Do you remember how the campus felt during the first few weeks of last year? In the aftermath of the trustees’ decision on fraternities, the contentious presidential elections and in the midst of all that tension with Amherst’s administrators? It made me think senior year was going to be an absolute crawl, through two semesters of perpetual angst with a collapse — no, an escape — at graduation. I was wrong. I was wrong not because of some sudden turnaround of the decision on fraternities, a somehow remodeled senate or a radical new administrative attitude.

Let me put this question to you, Amherst: did you come to the College to buy an education or to collectively build one? I believe that this captures much of what is wrong at Amherst, of the disease that is driving the tension between the administration, Board of Trustees and students. This disease, this misunderstanding of what it is that we are fundamentally doing at the college, is pulling us further down year by year.

The Arizona Republican debate a few weeks ago illustrated some interesting things. Certainly much of the usual sparring ensued, but there was something Rick Santorum said which could potentially have a massive impact on the GOP and presidential race. Though he may not realize this, he finally got the Conservative message right.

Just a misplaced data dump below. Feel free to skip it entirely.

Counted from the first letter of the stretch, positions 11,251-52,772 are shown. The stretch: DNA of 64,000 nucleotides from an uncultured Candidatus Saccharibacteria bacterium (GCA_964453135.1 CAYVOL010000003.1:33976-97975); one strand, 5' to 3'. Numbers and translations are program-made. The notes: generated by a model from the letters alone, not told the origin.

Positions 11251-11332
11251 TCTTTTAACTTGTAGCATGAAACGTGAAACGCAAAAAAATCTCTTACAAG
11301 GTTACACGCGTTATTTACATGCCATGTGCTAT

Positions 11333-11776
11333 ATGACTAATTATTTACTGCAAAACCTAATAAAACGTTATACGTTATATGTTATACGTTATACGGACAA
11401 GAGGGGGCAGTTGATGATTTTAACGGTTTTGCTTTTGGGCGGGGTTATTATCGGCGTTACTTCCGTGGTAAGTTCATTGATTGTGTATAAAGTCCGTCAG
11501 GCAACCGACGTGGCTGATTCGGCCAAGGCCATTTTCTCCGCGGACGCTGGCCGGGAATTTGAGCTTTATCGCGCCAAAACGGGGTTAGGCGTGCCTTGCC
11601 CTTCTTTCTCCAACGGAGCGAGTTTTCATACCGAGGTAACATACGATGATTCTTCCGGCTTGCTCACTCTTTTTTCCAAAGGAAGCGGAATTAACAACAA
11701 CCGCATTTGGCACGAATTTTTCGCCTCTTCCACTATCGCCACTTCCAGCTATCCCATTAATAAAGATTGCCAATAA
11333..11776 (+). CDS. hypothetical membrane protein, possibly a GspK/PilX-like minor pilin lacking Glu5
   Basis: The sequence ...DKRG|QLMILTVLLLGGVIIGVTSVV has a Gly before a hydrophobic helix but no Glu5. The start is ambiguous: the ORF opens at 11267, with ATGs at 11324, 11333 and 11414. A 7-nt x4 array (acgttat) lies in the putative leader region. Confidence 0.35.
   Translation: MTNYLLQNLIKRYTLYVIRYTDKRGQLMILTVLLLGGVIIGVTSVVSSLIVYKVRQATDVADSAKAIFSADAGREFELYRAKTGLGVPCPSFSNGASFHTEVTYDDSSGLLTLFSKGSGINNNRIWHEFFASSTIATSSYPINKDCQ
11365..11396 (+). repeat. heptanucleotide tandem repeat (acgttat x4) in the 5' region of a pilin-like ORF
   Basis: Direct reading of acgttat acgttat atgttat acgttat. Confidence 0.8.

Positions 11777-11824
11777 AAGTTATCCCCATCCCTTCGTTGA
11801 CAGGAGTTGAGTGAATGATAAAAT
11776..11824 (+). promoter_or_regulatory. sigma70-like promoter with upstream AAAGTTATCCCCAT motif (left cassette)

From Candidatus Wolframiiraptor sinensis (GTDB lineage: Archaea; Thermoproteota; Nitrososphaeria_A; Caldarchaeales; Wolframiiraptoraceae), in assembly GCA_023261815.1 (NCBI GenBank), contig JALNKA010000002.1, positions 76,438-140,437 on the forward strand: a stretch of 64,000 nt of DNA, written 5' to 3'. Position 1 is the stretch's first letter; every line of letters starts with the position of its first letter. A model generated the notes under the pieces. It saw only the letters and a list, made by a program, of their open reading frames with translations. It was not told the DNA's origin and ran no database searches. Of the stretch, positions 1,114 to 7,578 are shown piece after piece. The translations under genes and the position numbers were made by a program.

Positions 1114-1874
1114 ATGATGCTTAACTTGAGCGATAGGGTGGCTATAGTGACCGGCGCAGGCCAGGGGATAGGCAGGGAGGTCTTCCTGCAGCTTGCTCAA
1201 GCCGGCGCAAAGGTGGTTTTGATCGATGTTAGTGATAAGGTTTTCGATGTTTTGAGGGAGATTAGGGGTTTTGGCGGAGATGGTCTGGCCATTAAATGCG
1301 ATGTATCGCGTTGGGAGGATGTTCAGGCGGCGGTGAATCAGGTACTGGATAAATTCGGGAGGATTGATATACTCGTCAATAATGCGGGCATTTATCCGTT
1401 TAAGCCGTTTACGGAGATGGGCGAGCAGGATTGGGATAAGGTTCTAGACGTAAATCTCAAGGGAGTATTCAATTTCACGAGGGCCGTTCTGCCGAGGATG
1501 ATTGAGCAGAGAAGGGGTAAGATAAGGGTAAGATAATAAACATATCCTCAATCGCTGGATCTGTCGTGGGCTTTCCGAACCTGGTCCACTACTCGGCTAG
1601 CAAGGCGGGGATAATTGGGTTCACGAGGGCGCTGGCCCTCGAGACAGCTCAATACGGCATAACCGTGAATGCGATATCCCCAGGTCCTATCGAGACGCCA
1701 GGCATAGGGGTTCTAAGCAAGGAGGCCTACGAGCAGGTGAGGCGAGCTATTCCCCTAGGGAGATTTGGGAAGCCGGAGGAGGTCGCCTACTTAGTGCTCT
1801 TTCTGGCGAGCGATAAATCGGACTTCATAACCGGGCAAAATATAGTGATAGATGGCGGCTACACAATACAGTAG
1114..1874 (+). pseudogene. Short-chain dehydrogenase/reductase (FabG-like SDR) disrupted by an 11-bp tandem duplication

Leaders face numerous challenges. One challenge that seems to escape the glamour of recognition, however, is the challenge of giving up one’s own leadership. This is one of the toughest challenges any leader can face, and it is the final struggle. After he has battled all the external forces that prevent him from achieving his goal, this leader realizes that he himself is an obstacle to progress.

Progress in the United States (or more specifically, progress in Congress) seems nearly impossible when we look at the deadlock that has plagued Obama’s presidency. The underlying fear is that President Obama, if re-elected, will be unable to unite the country and get anything done. The time for unity in this saga, however, is long gone.

America is at crossroads, and the outcome of this election will be crucial.

Healthcare was a bad idea. Does this sound ludicrous and insane? Well … it is. After all, this country did need some form of health legislation. I’ll be specific: the bad idea was to present universal healthcare legislation to Congress in the midst of the worst recession in the U.S. in decades. It is often said that presidents are able to get the most done immediately after they’ve been elected. Universal healthcare is something Democrats have repeatedly championed. The president was looking to pass a bill Democrats hadn’t had the opportunity to pass for some time.

What if John McCain had won the last presidential election? An infrequently considered point is not so much what this would have meant for the United States, but rather what it would have meant for the world at large. What would the people of the world have thought about the new Commander-in-Chief, and how would they have reacted?